"This culture of impunity makes it easier for killings to take place"

"This culture of impunity makes it easier for killings to take place"

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The not-for-profit organisation Global Witness puts environmental and human rights abuses, driven by the exploitation of natural resources and corruption in the limelight. In 2014, they revealed in their report „Deadly Environment“, that the killings of people protecting the environment and rights to land sharply increased between 2002 and 2013 as competition for natural resources intensifies. Their latest report “On Dangerous Ground“ documents 185 known deaths of environmental activists worldwide in 2015 - the highest annual death toll on record. Claudia Rolf spoke to one of the authors of the report, Billy Kyte.

Claudia Rolf: Your reports shed light on land and environmental defenders who were killed. Gathering valid information in a „deadly environment“ is not an easy task. How do you gather evidence and what are the main challenges by doing so?

Billy Kyte: The data gathering for our annual reports on the killings of land and environmental defenders is mostly desk-based. We scour public sources, such as United Nation reports, NGO briefings and media articles, for cases that meet our criteria for inclusion in our database. The methodology for inclusion is based on an established human rights violations reporting format (see Huridocs). Where possible, we then verify our cases with in-country partners who monitor the killings of activists. They often provide us with first-hand information that complements our research. The biggest challenge we have is in ensuring we have the necessary information to include cases. It can be difficult to ascertain the suspected motive behind an activist’s death. Sometimes, like in the case of the recent protests against large-scale development in Ethiopia, it is extremely challenging even to get hold of the names of victims.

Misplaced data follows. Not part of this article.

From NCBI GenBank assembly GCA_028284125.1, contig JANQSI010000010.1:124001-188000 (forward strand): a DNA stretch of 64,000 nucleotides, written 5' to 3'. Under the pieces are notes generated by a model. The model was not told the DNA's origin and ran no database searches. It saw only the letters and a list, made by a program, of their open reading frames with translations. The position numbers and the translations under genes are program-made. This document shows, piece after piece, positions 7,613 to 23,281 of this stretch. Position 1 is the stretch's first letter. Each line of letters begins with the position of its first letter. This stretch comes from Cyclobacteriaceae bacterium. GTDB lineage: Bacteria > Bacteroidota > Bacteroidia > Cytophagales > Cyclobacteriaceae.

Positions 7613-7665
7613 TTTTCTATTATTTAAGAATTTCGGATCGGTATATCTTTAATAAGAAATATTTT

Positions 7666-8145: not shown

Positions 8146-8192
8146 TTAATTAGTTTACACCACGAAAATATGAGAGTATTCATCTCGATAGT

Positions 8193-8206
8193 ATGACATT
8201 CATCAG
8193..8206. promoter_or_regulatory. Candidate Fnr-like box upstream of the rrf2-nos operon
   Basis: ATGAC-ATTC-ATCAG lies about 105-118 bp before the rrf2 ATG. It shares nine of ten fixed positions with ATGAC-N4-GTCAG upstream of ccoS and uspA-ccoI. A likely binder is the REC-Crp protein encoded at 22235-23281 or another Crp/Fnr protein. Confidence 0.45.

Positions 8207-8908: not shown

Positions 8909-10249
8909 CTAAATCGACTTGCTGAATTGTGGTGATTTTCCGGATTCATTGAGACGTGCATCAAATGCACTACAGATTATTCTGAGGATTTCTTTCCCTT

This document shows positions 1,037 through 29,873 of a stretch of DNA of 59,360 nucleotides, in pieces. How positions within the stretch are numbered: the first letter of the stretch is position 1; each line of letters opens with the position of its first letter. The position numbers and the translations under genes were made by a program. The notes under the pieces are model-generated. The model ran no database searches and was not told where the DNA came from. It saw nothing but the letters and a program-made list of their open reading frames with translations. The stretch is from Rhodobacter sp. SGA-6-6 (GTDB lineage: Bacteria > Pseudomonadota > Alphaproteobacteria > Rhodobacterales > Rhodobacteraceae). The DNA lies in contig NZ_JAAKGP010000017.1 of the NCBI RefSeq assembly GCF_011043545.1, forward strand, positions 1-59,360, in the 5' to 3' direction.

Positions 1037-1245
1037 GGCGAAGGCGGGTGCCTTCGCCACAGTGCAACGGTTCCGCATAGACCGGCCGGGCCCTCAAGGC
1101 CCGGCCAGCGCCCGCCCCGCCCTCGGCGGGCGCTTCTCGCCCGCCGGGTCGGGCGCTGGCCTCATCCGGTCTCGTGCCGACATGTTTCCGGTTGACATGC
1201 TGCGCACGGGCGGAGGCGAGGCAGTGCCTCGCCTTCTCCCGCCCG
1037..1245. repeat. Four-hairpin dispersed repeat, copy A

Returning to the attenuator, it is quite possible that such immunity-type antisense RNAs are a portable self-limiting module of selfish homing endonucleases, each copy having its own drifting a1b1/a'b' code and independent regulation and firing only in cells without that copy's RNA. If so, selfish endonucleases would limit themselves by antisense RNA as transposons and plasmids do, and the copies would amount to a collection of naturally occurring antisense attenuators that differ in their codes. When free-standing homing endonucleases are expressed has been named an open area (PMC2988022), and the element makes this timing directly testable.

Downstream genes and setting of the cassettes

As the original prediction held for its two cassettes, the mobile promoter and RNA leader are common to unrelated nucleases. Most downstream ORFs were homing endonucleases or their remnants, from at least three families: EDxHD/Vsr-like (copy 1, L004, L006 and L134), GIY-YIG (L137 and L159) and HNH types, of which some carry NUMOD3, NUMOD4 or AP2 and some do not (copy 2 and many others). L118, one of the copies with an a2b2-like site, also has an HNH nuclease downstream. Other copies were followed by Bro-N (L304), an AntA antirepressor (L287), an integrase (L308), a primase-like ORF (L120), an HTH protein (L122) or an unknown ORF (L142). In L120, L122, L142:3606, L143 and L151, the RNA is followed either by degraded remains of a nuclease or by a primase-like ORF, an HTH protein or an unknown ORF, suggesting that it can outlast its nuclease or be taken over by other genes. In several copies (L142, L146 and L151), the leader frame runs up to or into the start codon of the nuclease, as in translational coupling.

As well as the annual reports we also investigate the causes of killings in certain priority countries, such as Honduras. This work is mainly field-based and involves travel to ‘deadly environments’. Security risks both for ourselves and our sources need to be taken extremely seriously because many of the suspected perpetrators are state or corporate actors who wield enormous power in these contexts.

Environmental activists are under pressure. What roles do state and non-state actors – for example companies and armed non-state actors – play? Can you recognize underlying strategies, patterns and dynamics?

Few perpetrators of killings of defenders are ever brought to justice due to the failures of governments to properly investigate or prosecute anyone for these crimes. Many authorities either turn a blind eye or actively impede investigations into these killings due to the collusion between corporate and state interests – the principal suspects in these murders. This entrenched culture of impunity makes it easier for further killings to take place as those responsible know they are unlikely to be held to account.

An example is the brazen attack on environmental defender Rigoberto Lima Choc in Guatemala who was shot dead on the steps of a local court building after denouncing pollution of a nearby river. This lack of accountability makes reporting on perpetrators challenging. Often there is no detailed information on those responsible for the killings or public reporting on police investigations.